IWP supporters understand the fact that we live in a dangerous world with a need to defend ourselves and that war should be avoided to the greatest extent possible through the use of all the instruments of statecraft. How do our supporters come to this realization? Some of them have attended IWP. Some have educated themselves in these topics. Some have had much professional experience in the field of international affairs.
Take the case of Laura Genero. She is currently serving as a subject matter expert for the Special Inspector General for Afghanistan Reconstruction, and has previously served as a consultant to the Special Inspector General for Iraq Reconstruction. She has also served as a Associate Deputy Secretary of Labor, advising the Secretary of Labor on strategic communications and international labor issues; founded her own communications practice, Genero & Associates; served as a Deputy Assistant Secretary for International Humanitarian Affairs at the U.S. State Department and worked as a press secretary in the U.S. House of Representatives.
At the IWP Christmas party, Ms. Genero asked what type of support IWP needed most - support for scholarships, lectures, academics, or general support. The answer she was given was general support - the lifeblood of every school. While all support is so appreciated by our students, faculty, and staff, it is more difficult to find those willing to give this general support.
She feels very connected to the school: "I knew John Lenczowski when I worked on Capitol Hill, and we worked closely together at the State Department. I have tremendous respect for him as a foreign policy expert and for his very trenchant and unique way of looking at foreign policy. At that time, public diplomacy was not as big a focus as it is today and John tried to bring more of a targeted effort to public diplomacy as an important tool of statecraft."
Indeed, Dr. Lenczowski has continued this work at IWP, where students are taught all the arts of statecraft. Ms. Genero finds that, "This school is very focused, and it does not produce students who think in a ‘cookie cutter' way. I have worked at my current job with graduates of the Institute, and they have been terrific."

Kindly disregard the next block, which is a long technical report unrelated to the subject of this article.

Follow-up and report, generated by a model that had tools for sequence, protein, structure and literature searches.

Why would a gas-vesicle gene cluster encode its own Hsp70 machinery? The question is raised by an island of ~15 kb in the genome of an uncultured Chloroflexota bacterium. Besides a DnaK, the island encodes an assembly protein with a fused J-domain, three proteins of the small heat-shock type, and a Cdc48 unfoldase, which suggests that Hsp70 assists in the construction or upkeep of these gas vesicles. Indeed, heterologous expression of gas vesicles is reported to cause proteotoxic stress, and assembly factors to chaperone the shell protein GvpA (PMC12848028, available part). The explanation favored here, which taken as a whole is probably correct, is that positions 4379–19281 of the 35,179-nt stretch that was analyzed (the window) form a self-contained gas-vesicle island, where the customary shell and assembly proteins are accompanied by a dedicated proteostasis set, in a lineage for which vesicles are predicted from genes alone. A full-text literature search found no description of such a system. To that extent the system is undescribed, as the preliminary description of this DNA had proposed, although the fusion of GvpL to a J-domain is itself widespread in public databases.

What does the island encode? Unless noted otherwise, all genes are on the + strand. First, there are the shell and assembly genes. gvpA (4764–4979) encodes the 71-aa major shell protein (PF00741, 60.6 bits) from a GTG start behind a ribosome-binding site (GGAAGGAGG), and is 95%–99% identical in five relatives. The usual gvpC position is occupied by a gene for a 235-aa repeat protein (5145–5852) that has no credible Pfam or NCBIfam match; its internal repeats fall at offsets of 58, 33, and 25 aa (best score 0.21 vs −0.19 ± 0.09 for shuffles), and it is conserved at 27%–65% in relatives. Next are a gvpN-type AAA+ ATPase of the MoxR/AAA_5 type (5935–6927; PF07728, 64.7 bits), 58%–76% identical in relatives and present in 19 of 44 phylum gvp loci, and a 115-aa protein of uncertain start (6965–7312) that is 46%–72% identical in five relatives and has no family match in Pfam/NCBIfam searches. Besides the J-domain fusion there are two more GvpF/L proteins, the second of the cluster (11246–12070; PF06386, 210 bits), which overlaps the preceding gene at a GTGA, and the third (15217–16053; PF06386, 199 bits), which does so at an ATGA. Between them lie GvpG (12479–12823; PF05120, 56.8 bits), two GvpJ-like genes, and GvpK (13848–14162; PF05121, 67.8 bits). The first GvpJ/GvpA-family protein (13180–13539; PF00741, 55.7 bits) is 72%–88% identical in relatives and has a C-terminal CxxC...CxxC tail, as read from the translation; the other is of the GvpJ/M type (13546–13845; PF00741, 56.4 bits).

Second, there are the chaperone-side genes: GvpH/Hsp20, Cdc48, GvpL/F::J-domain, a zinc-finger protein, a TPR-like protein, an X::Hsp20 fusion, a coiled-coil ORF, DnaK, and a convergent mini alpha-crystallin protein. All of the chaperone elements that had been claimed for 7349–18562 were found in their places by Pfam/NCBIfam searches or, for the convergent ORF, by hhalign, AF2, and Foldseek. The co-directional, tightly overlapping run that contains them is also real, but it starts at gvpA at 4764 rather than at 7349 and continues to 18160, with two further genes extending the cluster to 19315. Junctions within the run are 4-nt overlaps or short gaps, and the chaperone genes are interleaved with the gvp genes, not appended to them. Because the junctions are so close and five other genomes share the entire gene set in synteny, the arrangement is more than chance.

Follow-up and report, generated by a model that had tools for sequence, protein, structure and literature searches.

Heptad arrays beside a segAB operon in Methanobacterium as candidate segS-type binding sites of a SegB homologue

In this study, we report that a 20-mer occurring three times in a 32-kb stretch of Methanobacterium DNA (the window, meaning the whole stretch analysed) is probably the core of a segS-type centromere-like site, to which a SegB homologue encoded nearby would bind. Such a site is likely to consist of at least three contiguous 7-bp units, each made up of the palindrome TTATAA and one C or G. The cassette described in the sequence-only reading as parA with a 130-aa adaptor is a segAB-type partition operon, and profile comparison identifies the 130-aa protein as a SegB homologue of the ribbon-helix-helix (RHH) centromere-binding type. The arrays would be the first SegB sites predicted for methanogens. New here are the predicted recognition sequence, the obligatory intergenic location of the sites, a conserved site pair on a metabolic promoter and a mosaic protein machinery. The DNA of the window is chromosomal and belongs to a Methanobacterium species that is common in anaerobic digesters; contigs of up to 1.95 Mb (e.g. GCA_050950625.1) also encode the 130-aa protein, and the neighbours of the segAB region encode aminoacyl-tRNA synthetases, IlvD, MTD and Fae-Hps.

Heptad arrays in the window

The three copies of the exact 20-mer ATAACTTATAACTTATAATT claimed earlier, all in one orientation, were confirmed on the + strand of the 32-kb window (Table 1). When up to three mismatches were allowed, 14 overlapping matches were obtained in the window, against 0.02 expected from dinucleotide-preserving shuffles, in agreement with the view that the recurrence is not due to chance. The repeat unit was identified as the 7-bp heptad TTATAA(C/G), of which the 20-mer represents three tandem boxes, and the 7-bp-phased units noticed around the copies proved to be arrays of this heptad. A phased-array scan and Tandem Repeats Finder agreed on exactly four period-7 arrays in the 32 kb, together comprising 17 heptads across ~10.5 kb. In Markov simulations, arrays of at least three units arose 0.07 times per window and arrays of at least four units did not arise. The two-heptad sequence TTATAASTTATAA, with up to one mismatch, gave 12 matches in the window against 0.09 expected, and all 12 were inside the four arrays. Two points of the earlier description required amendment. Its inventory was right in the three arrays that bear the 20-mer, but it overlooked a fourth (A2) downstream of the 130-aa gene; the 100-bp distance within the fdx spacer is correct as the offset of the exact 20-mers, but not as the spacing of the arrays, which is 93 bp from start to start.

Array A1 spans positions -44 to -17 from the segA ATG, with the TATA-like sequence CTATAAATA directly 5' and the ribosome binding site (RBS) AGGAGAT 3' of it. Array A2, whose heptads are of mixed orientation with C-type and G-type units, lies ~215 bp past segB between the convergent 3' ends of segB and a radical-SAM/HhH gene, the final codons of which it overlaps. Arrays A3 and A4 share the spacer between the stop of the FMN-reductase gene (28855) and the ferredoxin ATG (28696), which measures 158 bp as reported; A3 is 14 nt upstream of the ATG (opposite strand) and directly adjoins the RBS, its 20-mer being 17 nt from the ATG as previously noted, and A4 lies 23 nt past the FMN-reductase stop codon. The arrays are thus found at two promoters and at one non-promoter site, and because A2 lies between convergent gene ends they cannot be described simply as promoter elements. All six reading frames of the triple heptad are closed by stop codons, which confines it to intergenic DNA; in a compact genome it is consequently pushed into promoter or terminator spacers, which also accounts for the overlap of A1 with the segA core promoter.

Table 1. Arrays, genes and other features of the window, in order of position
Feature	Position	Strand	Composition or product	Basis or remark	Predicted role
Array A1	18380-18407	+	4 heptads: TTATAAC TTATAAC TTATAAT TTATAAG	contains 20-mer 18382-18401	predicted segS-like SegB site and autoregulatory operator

She is enthusiastic about IWP's emphasis on intelligence and counter intelligence, and about the new Center for Culture and Security at IWP, headed by Dr. Juliana Pilon.
Another characteristic of all IWP supporters is that they make sure that they are not giving their money haphazardly, especially in this economy where strategic giving is vital. Ms. Genero observes that,
"There are so many worthwhile charities, and everyone is asking for contributions. I prefer to give to organizations that will make good use of the funds that I give to them and are good stewards of donors' money. I am very confident that IWP is an excellent steward. Unlike some nonprofits, in which a large percentage of the budget goes to overhead and very little goes towards the mission, I have complete confidence that my donation to IWP will go towards its mission to the maximum extent possible."
Ms. Genero not only is ready to support the school financially, but she has valuable advice to IWP students, particularly those just beginning their careers. In her career, she has reviewed many, many resumes. She advises that, when looking for a job, IWP students need to be realistic and do a personal assessment to discover their particular strengths.
She has interviewed many job seekers, and advises that job candidates to first research the organization for which they would like to work. Specifically, they should know what each part of the organization does on a day-to-day basis, and the specific needs of the bureau or agency to which they are applying. They then should be very clear about how they can fit into this part of the organization, and what specific skill sets they bring to the table (good writing skills, area knowledge, an ability to synthesize complex knowledge quickly). If it is a government agency, candidates can look at the agency's Inspector General reports to find where the agency needs improvement and how he or she can help address these needs.
Ms. Genero says that she has been very surprised in the past at how many candidates she has interviewed who do not think these things through beforehand, and cannot even explain what the organization does on a day-to-day basis. She also observes that strong writing skills are a very important skill. All IWP graduates should have exemplary writing skills after crafting numerous papers over the course of their education.
She also explains that, when looking for a job, generally one may not start out doing one's "dream job." She advises IWP students to take an entry level job, because "where you start out in an organization is not where you may end up. "You should go above and beyond the call of duty, do more than is required, be useful to everyone, and you will move up," she added.
Once IWP graduates are established in their profession, they continue to embody the IWP spirit. Ms. Genero observes that, "My own particular feeling is that all too often today, young people want to make a name for themselves and care only about themselves. It is refreshing to me to see the young people at IWP who are dedicated to something greater than themselves and who want to serve their country. Our country needs all the people it can get to serve the public interest."
"The safety of our nation is the highest public policy priority," Ms. Genero says, "so I am happy to support IWP in its mission of developing a cadre of young people with an exceptional understanding of all the tools of statecraft."
Ms. Genero, thank you for your support!